About the Author
Conditions of Use
Common Names: Chinese Foxglove, Di Huang, Sheng Di, Sheng Ti Huang, Shu Ti Huang, Ti Huang Chiu, Ti Huang
Part Used: Root
| PLANT DESCRIPTION |
|Alterative, Antifungal, Diuretic, Cardiotonic, Hypocholesterolemic, Hypotensive, Hypoglycemic, Laxative, Refrigerant, Tonic
| Alanine, Arginine, Aspartic-acid, Aucubin, Beta-sitosterol, Calcium, Catalpol, Copper, D-fructose, D-galactose, D-glucose, Gaba, Glucosamine, Glutamic- acid, Glycine, Histidine, Iron, Isoleucine, Leucine, Lysine, Magnesium, Manganese, Manninotriose, Mannitol, Melittoside, Methionine, Phenylalanine, Phosphoric-acid, Potassium, Proline, Raffinose, Rehmaglutins, Rehmanniosides, Serine, Stachyose, Sucrose, Threonine, Tyrosine, Valine, Verbascose, Zinc
2. "Rehmannia is commonly used in clinics in the orient and is called di-huang, or "yellow earth." It is used to replenish vital force and helps with diabetes, constipation, urinary tract problems, anemia, dizziness, and regulating menstrual flow. It is protective to the liver and helps prevent the depletion of stored glycogen, which can make it beneficial for hypoglycemia. Di huang has an antifungal effect and has been used for candida. It can lower glucose levels and helps to reduce blood pressure while increasing circulation to the brain. It is a blood tonic and diuretic. It helps strengthen the bones and tissue and can enhance fertility. Chinese doctors have used it with licorice for the treatment of hepatitis. Rehmannia helps disperse heat from the body and alleviates night sweats and fevers."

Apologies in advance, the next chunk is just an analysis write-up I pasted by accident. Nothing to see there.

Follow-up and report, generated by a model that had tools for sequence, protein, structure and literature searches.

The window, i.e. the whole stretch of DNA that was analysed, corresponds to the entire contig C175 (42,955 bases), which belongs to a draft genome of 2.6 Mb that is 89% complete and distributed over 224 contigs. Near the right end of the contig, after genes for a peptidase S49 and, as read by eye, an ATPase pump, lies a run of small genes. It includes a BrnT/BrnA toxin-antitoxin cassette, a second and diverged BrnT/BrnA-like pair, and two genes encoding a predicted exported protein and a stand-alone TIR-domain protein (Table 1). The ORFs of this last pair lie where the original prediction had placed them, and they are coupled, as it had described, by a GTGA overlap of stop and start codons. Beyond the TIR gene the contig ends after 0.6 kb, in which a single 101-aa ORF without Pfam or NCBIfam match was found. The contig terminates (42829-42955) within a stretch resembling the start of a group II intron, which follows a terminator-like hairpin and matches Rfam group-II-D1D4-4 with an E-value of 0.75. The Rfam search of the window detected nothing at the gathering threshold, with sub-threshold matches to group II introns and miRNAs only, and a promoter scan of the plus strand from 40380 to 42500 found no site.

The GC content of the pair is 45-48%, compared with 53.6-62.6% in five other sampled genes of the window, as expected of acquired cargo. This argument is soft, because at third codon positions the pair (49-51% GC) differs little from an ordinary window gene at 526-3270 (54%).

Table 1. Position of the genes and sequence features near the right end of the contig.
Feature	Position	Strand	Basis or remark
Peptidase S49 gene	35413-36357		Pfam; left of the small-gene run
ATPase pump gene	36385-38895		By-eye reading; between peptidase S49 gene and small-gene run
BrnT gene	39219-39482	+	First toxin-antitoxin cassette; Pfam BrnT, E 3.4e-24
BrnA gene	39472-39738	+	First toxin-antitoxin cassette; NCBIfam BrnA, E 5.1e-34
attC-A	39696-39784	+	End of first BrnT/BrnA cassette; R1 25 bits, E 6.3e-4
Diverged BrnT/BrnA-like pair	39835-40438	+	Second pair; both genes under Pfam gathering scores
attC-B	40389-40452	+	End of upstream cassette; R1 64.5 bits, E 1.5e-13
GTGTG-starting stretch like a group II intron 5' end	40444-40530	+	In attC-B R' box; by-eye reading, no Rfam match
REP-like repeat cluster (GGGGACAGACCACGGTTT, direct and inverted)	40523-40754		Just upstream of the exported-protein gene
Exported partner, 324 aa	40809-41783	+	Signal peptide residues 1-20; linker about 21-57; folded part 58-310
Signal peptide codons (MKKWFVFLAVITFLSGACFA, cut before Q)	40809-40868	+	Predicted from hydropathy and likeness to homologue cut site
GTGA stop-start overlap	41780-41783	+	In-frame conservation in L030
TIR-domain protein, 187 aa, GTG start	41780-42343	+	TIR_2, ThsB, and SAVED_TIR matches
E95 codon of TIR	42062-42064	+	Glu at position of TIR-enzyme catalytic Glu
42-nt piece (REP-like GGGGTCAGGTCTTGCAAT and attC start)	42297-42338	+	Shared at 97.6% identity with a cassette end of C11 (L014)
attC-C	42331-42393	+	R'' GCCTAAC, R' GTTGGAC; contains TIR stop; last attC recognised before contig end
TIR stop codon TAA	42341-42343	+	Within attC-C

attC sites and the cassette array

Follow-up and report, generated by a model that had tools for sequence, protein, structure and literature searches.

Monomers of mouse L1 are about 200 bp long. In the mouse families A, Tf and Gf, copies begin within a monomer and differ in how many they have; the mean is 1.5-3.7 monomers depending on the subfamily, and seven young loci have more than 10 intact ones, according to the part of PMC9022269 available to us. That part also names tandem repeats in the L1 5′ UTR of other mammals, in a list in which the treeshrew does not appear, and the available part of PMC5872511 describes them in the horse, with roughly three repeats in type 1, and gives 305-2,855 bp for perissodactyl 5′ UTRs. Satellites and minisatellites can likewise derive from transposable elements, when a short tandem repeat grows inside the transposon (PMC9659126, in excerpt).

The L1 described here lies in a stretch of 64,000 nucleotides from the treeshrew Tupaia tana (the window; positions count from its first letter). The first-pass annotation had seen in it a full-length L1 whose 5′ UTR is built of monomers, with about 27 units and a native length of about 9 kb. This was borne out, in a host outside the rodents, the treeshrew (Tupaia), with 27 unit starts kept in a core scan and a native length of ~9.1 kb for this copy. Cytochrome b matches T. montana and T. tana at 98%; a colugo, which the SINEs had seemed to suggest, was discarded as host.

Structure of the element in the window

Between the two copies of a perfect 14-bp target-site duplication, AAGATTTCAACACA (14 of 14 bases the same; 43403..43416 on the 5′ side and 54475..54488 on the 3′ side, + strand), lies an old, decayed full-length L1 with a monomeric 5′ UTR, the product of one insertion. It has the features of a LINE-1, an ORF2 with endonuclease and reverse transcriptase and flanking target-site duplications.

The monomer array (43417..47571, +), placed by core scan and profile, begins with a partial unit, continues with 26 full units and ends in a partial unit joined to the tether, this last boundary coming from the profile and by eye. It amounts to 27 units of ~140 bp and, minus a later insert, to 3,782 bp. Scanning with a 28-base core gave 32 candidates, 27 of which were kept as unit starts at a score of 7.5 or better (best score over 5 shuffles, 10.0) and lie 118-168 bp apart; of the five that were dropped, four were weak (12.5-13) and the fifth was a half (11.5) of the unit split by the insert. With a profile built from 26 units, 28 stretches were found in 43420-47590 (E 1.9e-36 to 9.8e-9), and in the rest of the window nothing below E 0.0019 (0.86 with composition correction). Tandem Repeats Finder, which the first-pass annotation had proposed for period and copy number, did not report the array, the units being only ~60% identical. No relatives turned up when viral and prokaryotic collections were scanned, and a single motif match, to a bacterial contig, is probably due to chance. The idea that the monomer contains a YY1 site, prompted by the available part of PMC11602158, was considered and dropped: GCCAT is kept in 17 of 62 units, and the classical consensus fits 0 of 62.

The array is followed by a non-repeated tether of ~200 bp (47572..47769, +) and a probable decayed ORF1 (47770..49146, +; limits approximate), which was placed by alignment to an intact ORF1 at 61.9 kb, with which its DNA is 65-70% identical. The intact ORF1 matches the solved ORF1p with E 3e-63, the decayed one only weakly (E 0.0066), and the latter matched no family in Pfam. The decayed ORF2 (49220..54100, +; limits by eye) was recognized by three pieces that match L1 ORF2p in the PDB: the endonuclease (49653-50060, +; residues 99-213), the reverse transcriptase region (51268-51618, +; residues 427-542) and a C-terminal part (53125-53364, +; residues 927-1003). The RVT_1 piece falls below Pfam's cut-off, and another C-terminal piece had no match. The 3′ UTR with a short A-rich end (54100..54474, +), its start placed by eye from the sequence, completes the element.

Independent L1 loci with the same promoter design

9. "Botanical name: Rehmannia glutinosa.
Pharmaceutical name: Radix Rehmanniae Glutinosae Conquitae.
Properties: sweet, slightly warm.
Channels entered: Liver, Kidney, Heart.
Functions and clinical use: Tonifies the Blood: used for Deficient Blood patterns with such symptoms as a pallid face, dizziness, palpitations and insomnia. Also used for irregular menstruation, uterine bleeding, and postpartum bleeding. Nourishes the Yin: used for Deficient Kidney Yin, with such manifestations as night sweats, nocturnal emissions, Steaming Bone syndrome, and Wasting and Thirsting syndrome.
Cautions and contraindications: Overuse can lead to abdominal distension and loose stools.
Pharmacological and clinical research: Treatment of hypertension: in one clinical series, 62 patients with hypertension took Radix Rehmanniae Glutinosae Conquitae (Shu Di Huang) for two weeks. The mean blood pressures and serum cholesterol levels decreased, and there was improvement in cerebral blood flow and the ECG.
Toxicity: side effects that have been observed with Radix Rehmanniae Glutinosae Conquitae (Shu Di Huang) are mild and include diarrhea, abdominal pain, dizziness, lack of energy, and palpitations. These symptoms usually disappear on continued administration of the herb."
ETHNOBOTANY: WORLDWIDE USES
|China ||Alterative, Anemia, Cancer, Cancer(Stomach), Cardiotonic, Cachexia, Cough, Diabetes-Mellitis, Diphtheria, Diuretic, Depurative, Dysuria, Ejaculation, Ear, Eczema, Epistaxis, Eye, Fatigue, Fracture, Fever, Hemorrhage, Hematemesis, Hemoptysis, Hemostat , Hypertension, Kidney, Liver, Longevity, Lumbago, Menoxenia, Metroxenia, Nerve, Marasmus, Marrow, Pregnancy, Psoriasis, Refrigerant, Puerperium, Rejuvenation, Sialogogueue, Sore,Tendon, Thirst, Tinnitus, Tonic, Tonsillitis, Tumor(Nose), Vertigo, Wet-Dream |
|Elsewhere ||Hyperglycemia |
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Last updated 12-28-2012